Abstracts (first author)
The demographic transition and the global burden of degenerative disease
I advance and support the hypothesis that the demographic transition uncovered previously minor costs of reproduction that now explain much of the global burden of degenerative disease. Prior to the demographic transition, alleles were selected that improved reproductive performance early in life at the cost of vulnerability to degenerative disease in the aged, a cost that was rarely realized when most died of infectious disease or in childbirth. When mortality rates dropped during and after the transition, more people started surviving to ages where these previously evolved vulnerabilities now make a difference. Available evidence suggests that some of our vulnerability to type 2 diabetes and cancer has this antagonistically pleiotropic property. We should be looking for more such evidence, for understanding the evolutionary origins of such diseases, including cardiovascular disease and dementia, is both interesting and potentially useful. Because antagonistic pleiotropy is a property culturally mimicked by education, here again is an issue where we need better understanding of how biological and cultural evolution interact to explain current patterns and processes.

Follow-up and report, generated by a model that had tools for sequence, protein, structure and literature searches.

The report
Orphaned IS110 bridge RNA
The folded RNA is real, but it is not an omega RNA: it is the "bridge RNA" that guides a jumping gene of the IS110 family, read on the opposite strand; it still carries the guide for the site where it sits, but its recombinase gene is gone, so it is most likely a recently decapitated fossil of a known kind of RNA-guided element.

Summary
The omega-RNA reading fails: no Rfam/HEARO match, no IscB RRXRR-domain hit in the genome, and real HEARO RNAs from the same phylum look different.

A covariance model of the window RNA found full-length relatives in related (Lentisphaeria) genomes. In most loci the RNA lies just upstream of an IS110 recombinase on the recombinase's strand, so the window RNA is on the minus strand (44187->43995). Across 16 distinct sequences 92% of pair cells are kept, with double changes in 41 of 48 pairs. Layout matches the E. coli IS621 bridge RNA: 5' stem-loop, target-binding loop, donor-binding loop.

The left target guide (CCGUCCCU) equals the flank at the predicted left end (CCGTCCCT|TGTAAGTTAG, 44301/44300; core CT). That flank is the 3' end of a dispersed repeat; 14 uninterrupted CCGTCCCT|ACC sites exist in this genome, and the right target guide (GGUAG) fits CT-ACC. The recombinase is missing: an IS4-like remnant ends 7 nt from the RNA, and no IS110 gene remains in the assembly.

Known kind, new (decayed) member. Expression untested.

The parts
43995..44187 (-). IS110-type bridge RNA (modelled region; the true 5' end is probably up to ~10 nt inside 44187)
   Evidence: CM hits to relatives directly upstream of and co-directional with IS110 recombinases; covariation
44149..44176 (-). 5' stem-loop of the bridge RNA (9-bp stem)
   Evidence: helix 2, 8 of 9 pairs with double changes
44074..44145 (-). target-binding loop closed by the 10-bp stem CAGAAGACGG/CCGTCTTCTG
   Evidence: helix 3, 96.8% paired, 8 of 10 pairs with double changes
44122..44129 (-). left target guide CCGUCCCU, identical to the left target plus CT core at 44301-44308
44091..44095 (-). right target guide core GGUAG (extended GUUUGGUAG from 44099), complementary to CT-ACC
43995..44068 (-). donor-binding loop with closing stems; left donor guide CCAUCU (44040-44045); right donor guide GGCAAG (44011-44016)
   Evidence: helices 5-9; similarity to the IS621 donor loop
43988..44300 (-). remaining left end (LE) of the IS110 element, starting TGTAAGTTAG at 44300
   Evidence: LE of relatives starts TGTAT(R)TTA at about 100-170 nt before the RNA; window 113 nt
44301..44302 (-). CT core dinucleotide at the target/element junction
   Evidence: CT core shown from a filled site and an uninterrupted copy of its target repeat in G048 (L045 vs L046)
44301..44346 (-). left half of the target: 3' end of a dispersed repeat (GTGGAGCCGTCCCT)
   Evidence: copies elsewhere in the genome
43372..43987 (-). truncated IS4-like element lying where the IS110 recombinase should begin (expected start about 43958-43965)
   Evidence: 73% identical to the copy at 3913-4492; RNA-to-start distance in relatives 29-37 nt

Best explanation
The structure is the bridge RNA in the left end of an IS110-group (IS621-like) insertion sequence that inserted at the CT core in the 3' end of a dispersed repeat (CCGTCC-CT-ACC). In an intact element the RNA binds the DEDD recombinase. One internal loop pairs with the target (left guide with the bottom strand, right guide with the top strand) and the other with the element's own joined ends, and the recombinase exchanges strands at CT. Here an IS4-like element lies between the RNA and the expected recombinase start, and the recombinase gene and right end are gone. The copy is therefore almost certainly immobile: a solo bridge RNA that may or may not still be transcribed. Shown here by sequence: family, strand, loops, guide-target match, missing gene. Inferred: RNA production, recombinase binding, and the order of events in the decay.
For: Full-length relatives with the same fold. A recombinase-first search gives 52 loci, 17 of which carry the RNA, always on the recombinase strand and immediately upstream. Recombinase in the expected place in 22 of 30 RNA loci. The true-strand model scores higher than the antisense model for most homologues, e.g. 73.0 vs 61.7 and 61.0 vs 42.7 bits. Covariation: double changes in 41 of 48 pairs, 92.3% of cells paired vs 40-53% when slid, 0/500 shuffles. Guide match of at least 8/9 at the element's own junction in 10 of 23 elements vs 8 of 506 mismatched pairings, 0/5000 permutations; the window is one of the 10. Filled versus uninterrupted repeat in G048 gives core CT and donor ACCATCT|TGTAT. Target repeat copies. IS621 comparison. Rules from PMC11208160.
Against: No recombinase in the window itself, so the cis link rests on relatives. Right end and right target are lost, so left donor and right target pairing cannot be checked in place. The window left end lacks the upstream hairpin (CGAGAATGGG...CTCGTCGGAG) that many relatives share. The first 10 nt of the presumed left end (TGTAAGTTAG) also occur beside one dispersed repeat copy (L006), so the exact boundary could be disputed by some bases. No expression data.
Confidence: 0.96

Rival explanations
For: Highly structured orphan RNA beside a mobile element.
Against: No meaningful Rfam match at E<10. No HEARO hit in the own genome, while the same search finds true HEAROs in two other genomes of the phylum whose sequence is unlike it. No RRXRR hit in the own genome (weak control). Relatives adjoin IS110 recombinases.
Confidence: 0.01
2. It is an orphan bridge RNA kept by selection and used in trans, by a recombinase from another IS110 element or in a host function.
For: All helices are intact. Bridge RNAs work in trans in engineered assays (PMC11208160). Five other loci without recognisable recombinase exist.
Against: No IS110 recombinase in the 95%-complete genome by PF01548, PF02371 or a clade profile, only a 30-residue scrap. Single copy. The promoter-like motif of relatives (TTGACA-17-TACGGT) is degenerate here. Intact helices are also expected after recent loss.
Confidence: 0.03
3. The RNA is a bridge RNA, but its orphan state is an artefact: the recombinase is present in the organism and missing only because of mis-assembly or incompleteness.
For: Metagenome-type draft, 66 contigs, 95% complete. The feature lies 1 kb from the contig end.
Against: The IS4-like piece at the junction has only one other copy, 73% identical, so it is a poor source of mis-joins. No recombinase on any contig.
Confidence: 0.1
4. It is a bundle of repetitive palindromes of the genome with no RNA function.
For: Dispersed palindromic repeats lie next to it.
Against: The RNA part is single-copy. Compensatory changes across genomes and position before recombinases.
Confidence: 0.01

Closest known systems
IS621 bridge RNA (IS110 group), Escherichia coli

Comparing phenotypic, quantitative genetic, and genomic approaches to measuring tradeoffs in a contemporary human population
In women born before 1940 in Framingham, Massachusetts, there was a significant negative correlation between number of children ever born and lifespan. Each additional child was associated with a reduction of about one year of life. Analysis of the 1500+ pedigrees containing 15,000+ people with an animal model that partially controlled for cultural and environmental effects yielded a large, significant, negative genetic correlation between children ever born and lifespan. A genome wide association study that looked for genes that alter the slope of the relationship between those two traits discovered several genes, some of which have previously been identified as involved in cancer. One, EOMES, has the sort of function one would expect of a gene that influences a tradeoff: its product affects many different processes. Statistical models with and without education as a covariate yielded results consistent with the idea that education is a cultural mimic of antagonistic pleiotropy: increases in level of education are associated with fewer children and longer life.